|Nutrition Facts (per serving)|
|Amount per serving|
|% Daily Value*|
|Total Fat 4g||5%|
|Saturated Fat 1g||3%|
|Total Carbohydrate 38g||14%|
|Dietary Fiber 5g||16%|
|*The % Daily Value (DV) tells you how much a nutrient in a food serving contributes to a daily diet. 2,000 calories a day is used for general nutrition advice.|
Kongjaban is a traditional Korean banchan, or side dish, made out of simple and wholesome ingredients. Sugar and soy sauce make a basic, yet tasty sauce that coats the tender beans. The sweet-and-savory sauce combined with the nutty profile of the beans makes this dish a perfect addition to bento boxes or to traditional sit-down Korean meals. For this recipe, you need just 35 minutes and a few healthy ingredients. Usually made with black soybeans, kongjaban can also be made with yellow soybeans. If this is your first time trying out this dish, enjoy kongjaban alongside steamed rice, on eggs, or with bread, and then go from there until you've found which main dishes go well.
Considered by many households to be more than a banchan, but a mit-banchan or basic side dish, these beans are usually cooked in big batches that are meant to last a few days and contribute to lunches, dinners, and lunch boxes for kids and adults. Other recipes that are also meant to be side dishes are also cooked in batches and kept at hand to make busy weekdays easier. Many Korean families make meals out of small dishes, which makes meal times entertaining and interesting, as there is no one main dish or just one flavor. The magic happens with the combination of these small sides, and each home cook knows which banchan complement best the "main" dish, which could be a braised meat, steamed fish, kimchi stews with pork or seafood, or similar protein-heavy preparations.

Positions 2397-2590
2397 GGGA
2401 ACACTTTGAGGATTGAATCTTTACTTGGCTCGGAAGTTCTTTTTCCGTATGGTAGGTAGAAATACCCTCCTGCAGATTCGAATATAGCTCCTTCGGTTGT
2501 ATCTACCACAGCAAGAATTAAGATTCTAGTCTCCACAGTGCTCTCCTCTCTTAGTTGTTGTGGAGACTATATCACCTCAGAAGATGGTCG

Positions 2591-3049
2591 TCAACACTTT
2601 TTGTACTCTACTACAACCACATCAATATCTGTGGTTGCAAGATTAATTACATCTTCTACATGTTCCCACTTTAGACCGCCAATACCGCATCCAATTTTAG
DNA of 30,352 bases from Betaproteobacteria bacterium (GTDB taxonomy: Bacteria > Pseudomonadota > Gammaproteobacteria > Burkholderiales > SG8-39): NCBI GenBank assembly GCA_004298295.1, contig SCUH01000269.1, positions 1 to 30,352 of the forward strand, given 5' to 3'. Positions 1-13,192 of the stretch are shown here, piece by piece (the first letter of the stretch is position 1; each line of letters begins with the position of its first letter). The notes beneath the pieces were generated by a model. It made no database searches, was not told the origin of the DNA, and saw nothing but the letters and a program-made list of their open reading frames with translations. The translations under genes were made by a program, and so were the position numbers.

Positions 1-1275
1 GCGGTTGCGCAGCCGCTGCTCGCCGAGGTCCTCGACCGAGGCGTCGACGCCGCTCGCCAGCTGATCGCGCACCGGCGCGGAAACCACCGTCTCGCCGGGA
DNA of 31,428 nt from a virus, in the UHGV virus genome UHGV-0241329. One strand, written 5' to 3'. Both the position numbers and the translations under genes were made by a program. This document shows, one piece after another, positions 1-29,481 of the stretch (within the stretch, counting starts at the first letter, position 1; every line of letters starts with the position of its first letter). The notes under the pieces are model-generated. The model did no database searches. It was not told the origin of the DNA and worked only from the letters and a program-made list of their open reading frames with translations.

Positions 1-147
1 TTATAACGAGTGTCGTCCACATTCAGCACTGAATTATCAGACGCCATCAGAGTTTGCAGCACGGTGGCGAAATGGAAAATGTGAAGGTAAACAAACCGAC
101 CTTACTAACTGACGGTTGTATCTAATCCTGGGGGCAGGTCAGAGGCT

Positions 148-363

The trick to tasty kongjaban is to appropriately soak the beans before you start the recipe. This will allow the beans to be cooked in just 30 minutes to a tender but firm texture. Too hard and the dish won't be pleasing, too soft and it will be an unappetizing mush. Allow the beans to soak for 6 hours to overnight, rinse well, and then proceed with the recipe. This step also helps with the digestion of the beans because when soaking, many of the indigestible sugars are released, making the digestion of legumes a lot easier. Be mindful that black soybeans and black beans are two different legumes; many Asian grocers carry dry black soybeans, but you can also find them online. Though you can find canned black soybeans, do not substitute, as the cooking process will simply destroy them, turning your Kongjaban into a mushy puree.